First, is Kate strong enough to withstand the surgery that would place the j-tube? My lay opinion is that she is, based largely on how she handled the hemicolectomy (removal of part of her right bowel) under the stress of all that had come prior to that with the bleed. Still, I do see Edwin Smith's point that killing her to cure her is not the best course of action, so knowing her lung capacity is crucial. Gupta will tell us.

Second, and just as important for her future, is his reading of the CT scan. Does she have an interstitial lung disease? The pulmonologist at Swedish who ordered the CT thought there might be indications of it. I'm not sure what this means long term, but it could mean that there is a treatment for her breathing issues. Her rheumatologist said, "If there's interstitial lung disease, I can treat that."

So, no pressure.

The j-tube will improve the whole feeding process since it requires none of the sterile procedures of the tpn and uses gravity to move the nutrition.

 

Journal entry by Charles Ellis

Kate's pleased. She's gained a bit of weight, up to 81.6 and these new nutrition bags have about a third more calories in them. Hopefully they'll bump her up some more. So far medicare has relented and agreed to pay. We've got seven more days of the tpn for sure. Hope they agree to keep it up until she can have her j-tube placement.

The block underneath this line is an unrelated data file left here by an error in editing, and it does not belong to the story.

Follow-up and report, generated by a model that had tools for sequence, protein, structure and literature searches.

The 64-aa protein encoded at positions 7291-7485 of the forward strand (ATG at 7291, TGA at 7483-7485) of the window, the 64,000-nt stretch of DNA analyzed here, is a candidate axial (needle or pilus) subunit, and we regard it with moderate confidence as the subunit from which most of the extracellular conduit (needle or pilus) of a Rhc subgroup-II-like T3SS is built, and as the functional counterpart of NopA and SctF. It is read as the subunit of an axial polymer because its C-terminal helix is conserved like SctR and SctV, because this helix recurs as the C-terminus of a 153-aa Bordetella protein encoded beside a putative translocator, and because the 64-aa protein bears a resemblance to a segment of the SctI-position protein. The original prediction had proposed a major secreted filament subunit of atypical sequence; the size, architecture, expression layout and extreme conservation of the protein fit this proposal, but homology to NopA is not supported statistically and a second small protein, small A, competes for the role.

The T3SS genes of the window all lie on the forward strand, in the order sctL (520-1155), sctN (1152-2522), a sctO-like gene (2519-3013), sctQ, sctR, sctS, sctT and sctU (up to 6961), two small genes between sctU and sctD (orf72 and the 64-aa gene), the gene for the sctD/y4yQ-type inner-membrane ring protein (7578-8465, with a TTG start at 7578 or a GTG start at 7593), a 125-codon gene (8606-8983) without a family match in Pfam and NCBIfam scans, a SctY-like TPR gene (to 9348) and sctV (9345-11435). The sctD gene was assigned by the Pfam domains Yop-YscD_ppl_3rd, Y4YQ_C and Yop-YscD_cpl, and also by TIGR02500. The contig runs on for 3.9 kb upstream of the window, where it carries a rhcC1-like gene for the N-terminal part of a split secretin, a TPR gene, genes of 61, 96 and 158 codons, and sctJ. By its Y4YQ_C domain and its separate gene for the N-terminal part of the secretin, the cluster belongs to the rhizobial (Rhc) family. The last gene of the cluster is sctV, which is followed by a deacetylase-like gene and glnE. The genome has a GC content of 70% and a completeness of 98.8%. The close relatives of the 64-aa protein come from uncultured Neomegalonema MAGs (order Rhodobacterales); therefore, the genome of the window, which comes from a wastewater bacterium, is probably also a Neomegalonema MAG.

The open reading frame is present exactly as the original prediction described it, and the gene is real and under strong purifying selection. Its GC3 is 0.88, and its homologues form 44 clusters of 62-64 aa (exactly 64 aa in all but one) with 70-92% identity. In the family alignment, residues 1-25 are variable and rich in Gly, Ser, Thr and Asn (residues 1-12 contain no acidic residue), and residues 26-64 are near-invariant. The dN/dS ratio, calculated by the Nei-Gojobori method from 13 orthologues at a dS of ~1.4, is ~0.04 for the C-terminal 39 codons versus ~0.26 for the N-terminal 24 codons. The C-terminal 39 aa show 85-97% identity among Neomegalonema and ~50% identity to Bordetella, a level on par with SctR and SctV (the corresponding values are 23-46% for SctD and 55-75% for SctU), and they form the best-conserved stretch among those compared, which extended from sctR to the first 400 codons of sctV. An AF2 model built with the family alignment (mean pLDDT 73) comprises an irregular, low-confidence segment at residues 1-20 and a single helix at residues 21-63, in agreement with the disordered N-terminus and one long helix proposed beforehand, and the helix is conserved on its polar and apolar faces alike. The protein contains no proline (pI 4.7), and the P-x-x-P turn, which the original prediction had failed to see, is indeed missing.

When we see Gupta next Thursday, he will review the pulmonary function test she had yesterday and the ct scan from her pneumothorax incident a couple of weeks ago. He'll make a determination then about her surgery risks.

Journal entry by Charles Ellis

Yesterday was a long day. Saw pulmonologist. He scheduled a pulmonary function test for today and will review Kate's ct/x-ray from her most recent hospitalization at our next appt. a week from today. Then we should know more about her fitness for surgery, her x-ray findings.

She feels much better on the tpn. A good sign, I think, that malnourishment was central to her difficulties. Things are happening rapidly right now.